The novella shows intelligence, tight plotting and some genuine emotional heft. In short, it really is a must read. You can buy it direct from the publishers here: (http://www.russiansleepexperiment.net ) or via Amazon for Kindle: (http://amzn.to/2rSczzb)
I was blown away by the novella, so I was delighted when the kind folks over at Almond Press arranged for me to speak with very talented and charming Ms Ice.
Our interview follows below.
UK HORROR SCENE: Hi Holly, Thanks so much for agreeing to speak with UKHS. First, please tell my readers a little about your novella?
HOLLY ICE: The Russian Sleep Experiment novella is loosely inspired by the Creepypasta of the same name. My publisher and I wanted to pay homage to the original story but create our own interpretation of what a disturbing sleep experiment could be like. We wound up downplaying the supernatural angle in favour of the science, for example.
It was exciting for me to explore the idea of human experimentation within the cold war, as I have family from that region of the world and had read a lot about the history of the area during the world wars. I wanted to get into the setting and explore the areas this experiment could have taken place in, plus the characters and character conflicts which may have arisen. As a result, the focus is on the psychological impact on the characters more than the horror of the sleep experiment itself. Because of this, I explored the narrative in terms of before and after – where the characters were coming from and how they put their lives together after the experiment (or didn’t). This required my characters to have families, loves, hopes, and their own motivations to participate in the experiment.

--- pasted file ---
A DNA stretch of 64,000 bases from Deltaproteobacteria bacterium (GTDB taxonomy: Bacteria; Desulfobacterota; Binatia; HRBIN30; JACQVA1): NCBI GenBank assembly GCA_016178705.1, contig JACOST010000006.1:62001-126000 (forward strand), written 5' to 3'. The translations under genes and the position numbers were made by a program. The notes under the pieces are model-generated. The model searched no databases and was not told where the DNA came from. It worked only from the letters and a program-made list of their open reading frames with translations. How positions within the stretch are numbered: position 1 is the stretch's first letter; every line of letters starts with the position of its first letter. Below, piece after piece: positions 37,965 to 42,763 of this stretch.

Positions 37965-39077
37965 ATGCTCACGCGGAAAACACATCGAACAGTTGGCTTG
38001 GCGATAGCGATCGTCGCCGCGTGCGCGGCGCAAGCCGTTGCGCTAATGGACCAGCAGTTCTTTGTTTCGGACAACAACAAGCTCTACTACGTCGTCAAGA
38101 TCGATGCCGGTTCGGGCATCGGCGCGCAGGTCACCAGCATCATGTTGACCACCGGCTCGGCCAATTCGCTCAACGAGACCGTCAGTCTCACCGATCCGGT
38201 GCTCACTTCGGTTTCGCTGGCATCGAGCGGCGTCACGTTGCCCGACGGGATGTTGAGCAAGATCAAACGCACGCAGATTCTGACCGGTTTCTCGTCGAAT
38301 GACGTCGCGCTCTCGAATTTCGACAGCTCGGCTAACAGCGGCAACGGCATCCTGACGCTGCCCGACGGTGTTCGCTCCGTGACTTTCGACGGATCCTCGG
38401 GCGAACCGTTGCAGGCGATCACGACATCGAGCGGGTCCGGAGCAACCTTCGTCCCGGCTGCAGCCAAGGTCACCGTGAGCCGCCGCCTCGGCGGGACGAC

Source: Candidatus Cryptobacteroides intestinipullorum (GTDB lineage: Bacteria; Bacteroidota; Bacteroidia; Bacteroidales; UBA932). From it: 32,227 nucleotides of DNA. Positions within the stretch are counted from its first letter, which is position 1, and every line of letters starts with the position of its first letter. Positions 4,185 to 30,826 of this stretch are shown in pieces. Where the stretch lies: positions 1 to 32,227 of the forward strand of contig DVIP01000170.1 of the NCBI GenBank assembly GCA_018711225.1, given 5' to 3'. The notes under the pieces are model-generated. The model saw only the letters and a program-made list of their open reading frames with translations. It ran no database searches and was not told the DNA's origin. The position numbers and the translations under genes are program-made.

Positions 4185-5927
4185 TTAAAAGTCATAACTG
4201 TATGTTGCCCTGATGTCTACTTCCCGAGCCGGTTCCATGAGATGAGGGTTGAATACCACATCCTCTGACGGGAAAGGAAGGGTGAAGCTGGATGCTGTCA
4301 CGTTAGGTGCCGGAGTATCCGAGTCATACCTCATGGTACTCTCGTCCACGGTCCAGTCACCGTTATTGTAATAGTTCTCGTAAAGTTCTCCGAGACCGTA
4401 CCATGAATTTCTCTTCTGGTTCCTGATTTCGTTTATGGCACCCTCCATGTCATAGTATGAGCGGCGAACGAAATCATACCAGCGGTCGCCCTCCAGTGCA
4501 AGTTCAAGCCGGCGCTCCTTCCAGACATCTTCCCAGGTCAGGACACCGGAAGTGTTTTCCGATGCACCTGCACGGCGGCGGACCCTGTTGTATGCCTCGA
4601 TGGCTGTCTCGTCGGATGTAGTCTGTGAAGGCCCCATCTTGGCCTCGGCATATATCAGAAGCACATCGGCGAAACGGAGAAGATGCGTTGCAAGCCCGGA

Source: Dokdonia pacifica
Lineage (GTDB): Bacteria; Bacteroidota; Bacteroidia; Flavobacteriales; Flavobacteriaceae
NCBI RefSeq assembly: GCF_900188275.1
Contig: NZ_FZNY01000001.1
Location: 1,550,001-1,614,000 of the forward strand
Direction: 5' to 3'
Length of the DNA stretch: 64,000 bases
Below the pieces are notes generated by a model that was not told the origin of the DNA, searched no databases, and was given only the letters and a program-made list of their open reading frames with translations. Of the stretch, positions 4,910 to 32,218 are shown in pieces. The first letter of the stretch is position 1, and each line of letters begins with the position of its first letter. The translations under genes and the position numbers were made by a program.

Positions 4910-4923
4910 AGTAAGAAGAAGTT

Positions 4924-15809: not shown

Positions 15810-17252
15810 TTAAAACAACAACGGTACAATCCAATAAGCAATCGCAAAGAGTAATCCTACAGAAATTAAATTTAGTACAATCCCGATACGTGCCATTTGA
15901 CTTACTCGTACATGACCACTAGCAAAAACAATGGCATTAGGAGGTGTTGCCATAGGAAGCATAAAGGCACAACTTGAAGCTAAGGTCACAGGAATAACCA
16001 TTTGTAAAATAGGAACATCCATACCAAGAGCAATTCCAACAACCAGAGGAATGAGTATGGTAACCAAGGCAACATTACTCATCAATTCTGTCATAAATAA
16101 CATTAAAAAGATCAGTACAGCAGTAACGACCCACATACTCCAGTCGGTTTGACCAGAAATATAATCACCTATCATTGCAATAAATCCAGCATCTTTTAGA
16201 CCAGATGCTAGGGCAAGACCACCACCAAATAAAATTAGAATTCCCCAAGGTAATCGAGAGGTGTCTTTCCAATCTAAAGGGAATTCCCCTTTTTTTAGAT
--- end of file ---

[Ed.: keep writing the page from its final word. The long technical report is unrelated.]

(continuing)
There’s a greyness about everybody, from the scientists to the labour camp prisoners and the experimentees. There’s no pure evil here. It’s human decisions and failings behind this experiment.